Good question from @LordStras on #IPBill today - shame about the answer!

Lord Strasburger asked at 15:20 today:

My Lords, paragraph 217 of the Investigatory Powers Bill gives the government almost unlimited powers to force, in secret, companies to, I quote: "remove electronic protection" from their products. Could the minister tell the house how the government intends to use this power in the increasingly frequent case where a company has designed the security of its products so that even the company itself is incapable of unlocking the equipment or decrypting the data. Will Apple, and others, be require to redesign their products so that they can break in to them, or will they be required to stop selling them in the UK?

Lord Keen seems to totally miss the point, and ends up, after several questions, stating: There is no question of encryption keys being weakened. There is no question of encryption keys being made available in response to a warrant. The encryption key would remain wholly in the possession of the provider of the service. The warrant will ask that they apply the encryption key in order to provide the decrypt. So there is no weakening of any encryption in these circumstances.

I am sorry, but (a) why can they not answer a straight question, and (b) do they really not understand?

A company can make their communications system, like Apple with iMessage, so that Apple do not have the keys to decrypt the communications. So that the key does not "remain wholly in the possession of the provider of the service" and so that it is not reasonably practicable for them to decrypt the messages.

The question is whether paragraph 217 could be used to force a company to redesign such a system so that they do have access to keys. The problem is that if they do this they are weakening the encryption system. They are not following best practice. They are making the communications more vulnerable to attack.

Think about it for a second - any step that changes from "government cannot see message" to "government can see message" (even under strict rules) has to be a step to weaken the encryption in some way. One more person being able to see the message means it has weaker encryption.

Lord West goes on to repeat the stupidity of saying that there can be no place for terrorists and pedophiles to communicate - as if he wants to outlaw multiplications. As I have pointed out so many times, anyone, with no more than pen and paper and dice, can send secret communications without a "service provider" providing the encryption, and without a way for GCHQ or NSA to crack the encryption. That is a fact of life and mathematics and no amount of legislation or speeches in the Lords can change that. Get a clue Lord West, please.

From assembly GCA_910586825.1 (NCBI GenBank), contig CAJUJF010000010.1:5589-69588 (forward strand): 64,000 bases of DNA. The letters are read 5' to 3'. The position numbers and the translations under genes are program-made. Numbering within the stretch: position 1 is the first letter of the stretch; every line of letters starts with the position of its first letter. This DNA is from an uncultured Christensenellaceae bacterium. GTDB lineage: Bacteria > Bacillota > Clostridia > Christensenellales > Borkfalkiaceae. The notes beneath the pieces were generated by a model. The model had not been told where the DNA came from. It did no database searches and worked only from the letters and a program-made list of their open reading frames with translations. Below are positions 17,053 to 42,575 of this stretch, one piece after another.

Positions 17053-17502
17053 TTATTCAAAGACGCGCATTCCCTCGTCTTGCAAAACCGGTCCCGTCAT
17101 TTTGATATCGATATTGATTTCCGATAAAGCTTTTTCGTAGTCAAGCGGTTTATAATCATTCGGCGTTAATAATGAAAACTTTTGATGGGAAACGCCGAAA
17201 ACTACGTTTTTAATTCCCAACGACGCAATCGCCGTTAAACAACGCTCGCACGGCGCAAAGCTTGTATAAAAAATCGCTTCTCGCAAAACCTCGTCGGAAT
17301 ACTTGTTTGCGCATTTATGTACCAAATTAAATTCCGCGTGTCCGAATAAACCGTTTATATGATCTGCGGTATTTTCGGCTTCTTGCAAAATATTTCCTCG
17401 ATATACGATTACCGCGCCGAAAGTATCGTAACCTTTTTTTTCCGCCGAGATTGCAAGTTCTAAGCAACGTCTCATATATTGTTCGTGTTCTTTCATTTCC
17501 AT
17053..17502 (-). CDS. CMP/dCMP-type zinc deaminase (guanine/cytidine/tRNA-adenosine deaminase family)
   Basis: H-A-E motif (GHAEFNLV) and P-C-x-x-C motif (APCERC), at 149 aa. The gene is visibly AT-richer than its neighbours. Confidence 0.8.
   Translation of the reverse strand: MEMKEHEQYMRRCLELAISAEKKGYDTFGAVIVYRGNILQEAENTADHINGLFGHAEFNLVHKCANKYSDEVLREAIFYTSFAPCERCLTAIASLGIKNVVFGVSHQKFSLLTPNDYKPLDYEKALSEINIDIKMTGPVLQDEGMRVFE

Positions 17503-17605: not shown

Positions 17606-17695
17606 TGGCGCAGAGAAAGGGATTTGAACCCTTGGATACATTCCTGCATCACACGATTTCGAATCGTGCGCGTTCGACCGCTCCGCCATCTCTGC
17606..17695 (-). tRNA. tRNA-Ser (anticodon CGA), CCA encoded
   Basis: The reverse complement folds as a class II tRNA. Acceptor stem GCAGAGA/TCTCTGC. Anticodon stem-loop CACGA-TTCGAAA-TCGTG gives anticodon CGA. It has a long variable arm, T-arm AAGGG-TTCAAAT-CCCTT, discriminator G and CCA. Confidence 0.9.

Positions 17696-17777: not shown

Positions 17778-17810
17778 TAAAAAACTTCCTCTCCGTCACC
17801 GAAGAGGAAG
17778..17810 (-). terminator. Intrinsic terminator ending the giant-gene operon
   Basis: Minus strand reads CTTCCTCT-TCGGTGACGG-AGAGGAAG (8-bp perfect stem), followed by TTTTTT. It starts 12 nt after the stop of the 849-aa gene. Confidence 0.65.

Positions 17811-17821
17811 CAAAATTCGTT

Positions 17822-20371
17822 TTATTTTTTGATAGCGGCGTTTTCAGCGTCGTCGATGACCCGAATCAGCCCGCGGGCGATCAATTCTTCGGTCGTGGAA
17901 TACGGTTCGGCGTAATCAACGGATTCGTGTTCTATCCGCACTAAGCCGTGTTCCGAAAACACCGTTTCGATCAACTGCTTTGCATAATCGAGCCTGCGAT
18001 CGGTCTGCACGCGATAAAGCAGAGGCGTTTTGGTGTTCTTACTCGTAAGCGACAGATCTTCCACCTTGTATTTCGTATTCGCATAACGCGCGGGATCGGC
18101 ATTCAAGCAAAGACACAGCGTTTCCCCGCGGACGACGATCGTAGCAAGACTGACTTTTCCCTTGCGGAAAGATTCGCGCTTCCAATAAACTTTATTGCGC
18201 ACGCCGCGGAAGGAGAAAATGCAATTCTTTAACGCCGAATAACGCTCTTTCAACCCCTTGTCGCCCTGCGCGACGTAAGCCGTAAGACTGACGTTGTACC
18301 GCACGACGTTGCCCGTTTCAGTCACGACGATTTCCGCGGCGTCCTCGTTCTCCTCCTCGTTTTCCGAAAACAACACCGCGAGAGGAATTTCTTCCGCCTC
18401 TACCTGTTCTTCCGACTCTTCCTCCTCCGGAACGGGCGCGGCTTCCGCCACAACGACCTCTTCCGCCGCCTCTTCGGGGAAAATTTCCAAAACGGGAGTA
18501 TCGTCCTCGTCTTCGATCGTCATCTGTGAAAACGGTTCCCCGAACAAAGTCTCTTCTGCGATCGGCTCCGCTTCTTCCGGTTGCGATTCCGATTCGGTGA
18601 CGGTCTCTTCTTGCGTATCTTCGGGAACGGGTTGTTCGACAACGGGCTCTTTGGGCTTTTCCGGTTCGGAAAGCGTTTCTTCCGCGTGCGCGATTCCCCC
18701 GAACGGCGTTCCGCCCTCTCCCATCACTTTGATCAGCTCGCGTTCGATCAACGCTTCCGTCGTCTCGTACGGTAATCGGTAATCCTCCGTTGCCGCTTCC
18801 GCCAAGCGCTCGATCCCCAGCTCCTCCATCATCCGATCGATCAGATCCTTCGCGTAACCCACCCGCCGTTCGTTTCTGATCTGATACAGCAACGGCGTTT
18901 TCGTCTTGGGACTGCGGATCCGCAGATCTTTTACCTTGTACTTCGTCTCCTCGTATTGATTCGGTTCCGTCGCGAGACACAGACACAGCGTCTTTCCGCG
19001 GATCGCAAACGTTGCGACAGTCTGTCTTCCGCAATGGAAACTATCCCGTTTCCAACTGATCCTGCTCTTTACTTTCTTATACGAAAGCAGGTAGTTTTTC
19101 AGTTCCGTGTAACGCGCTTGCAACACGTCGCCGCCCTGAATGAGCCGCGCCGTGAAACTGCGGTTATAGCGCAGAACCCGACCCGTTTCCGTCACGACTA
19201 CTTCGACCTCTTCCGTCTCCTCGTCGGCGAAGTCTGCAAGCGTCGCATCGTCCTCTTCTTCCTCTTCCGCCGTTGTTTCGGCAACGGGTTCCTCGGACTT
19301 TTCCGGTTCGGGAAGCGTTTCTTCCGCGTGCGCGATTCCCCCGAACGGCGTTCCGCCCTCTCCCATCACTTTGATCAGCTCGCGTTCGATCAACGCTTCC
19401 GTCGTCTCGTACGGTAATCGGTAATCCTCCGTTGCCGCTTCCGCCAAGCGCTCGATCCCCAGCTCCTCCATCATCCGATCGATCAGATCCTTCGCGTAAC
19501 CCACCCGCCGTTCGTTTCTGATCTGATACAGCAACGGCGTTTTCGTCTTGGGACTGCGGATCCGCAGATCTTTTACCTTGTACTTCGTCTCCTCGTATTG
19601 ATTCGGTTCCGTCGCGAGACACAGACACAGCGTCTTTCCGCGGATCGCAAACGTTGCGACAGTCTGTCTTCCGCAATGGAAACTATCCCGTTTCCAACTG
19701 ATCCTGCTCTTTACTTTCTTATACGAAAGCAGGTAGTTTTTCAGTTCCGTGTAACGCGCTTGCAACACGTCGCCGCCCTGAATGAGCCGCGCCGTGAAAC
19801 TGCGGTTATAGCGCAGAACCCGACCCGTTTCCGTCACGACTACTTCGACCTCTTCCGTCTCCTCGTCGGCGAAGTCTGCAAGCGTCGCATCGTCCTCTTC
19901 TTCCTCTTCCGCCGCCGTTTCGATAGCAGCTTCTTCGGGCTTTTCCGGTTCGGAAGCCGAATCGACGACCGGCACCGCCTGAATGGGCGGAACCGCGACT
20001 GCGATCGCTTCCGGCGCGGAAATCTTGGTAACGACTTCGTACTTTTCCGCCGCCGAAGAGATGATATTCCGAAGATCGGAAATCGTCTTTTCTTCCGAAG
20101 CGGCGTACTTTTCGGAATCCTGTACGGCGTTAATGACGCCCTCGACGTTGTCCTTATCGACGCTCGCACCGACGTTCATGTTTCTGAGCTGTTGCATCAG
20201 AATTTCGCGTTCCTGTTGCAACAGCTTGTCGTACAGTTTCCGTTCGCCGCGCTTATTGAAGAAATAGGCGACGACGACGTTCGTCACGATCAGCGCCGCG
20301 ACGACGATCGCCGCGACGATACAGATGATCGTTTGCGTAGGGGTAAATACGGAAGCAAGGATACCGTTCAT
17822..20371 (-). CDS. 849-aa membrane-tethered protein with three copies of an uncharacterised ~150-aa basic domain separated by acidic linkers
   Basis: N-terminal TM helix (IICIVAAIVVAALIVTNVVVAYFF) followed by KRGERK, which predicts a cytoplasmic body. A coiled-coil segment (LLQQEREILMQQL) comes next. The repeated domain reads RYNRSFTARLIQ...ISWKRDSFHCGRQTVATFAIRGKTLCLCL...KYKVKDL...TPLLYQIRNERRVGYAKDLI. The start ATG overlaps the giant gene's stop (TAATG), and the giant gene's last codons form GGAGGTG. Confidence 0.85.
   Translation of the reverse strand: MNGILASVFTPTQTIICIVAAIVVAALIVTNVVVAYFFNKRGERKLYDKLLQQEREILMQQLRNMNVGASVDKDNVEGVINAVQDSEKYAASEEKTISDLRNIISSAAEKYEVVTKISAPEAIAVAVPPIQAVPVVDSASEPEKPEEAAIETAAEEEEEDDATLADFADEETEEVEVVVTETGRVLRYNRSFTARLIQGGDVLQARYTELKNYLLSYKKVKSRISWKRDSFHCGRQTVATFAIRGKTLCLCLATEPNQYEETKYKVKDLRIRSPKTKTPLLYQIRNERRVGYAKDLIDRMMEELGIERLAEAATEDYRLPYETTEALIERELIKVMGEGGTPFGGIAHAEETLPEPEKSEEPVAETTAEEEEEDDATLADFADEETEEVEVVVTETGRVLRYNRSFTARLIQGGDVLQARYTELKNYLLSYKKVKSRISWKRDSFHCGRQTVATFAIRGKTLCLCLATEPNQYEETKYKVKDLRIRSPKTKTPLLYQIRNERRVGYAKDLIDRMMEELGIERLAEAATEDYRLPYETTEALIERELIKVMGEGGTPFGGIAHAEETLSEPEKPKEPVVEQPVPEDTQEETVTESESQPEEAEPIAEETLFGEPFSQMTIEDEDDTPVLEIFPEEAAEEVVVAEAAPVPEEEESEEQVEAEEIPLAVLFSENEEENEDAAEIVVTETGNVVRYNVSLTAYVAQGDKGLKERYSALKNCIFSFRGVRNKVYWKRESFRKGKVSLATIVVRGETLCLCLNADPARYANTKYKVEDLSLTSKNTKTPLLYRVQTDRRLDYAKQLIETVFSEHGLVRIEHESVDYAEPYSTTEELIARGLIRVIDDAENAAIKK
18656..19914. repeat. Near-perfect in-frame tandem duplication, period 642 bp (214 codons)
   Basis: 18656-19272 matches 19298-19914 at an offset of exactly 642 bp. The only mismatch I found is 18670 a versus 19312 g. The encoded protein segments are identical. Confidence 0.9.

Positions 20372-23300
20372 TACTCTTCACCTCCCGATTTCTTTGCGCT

1. Could always email him at his parliamentary address and ask him to clarify his answer?

  2. > There is no question of encryption keys being made available in response to a warrant. The encryption key would remain wholly in the possession of the provider of the service.

    That makes sense — the power to compel a provider to hand over keys exists already in s49 RIPA, which is not being modified by the bill, so this power need not replicate it.

  3. I like to think that when I don't know anything on an issue, I don't open my mouth but instead research things.

    Over and over we see this ignorant morons talk about things they have no knowledge of. I've long been convinced that to become a politician you have to master the art of knowing nothing while thinking you know everything.

  4. On a tangent, I'm sorely tempted to email every MP and Lord out there and tell then I will be able to easily prevent them from seeing what I'm up to if the IP Bill is logged.

    If nothing else, telling them they're a bunch of fools who have no knowledge of the technology and that technical circles laugh at them will be cathartic.

  5. Not only do they have no clue, they have "no mates". Why doesn't parliament employ competent specialists to advise them on such matters before they make utter fools of themselves? Someone that the government, MPs and Lords could ask about anything technical, who in turn could relay questions to other top specialists quickly as needed.

  6. What they asking cannot viably happen, it would require all sorts of software vendors to change their ethos and make major technical changes to how enceyption works, the uk is just a small bit player in a large global market, even if this came law the uk gov would simply be ignored.


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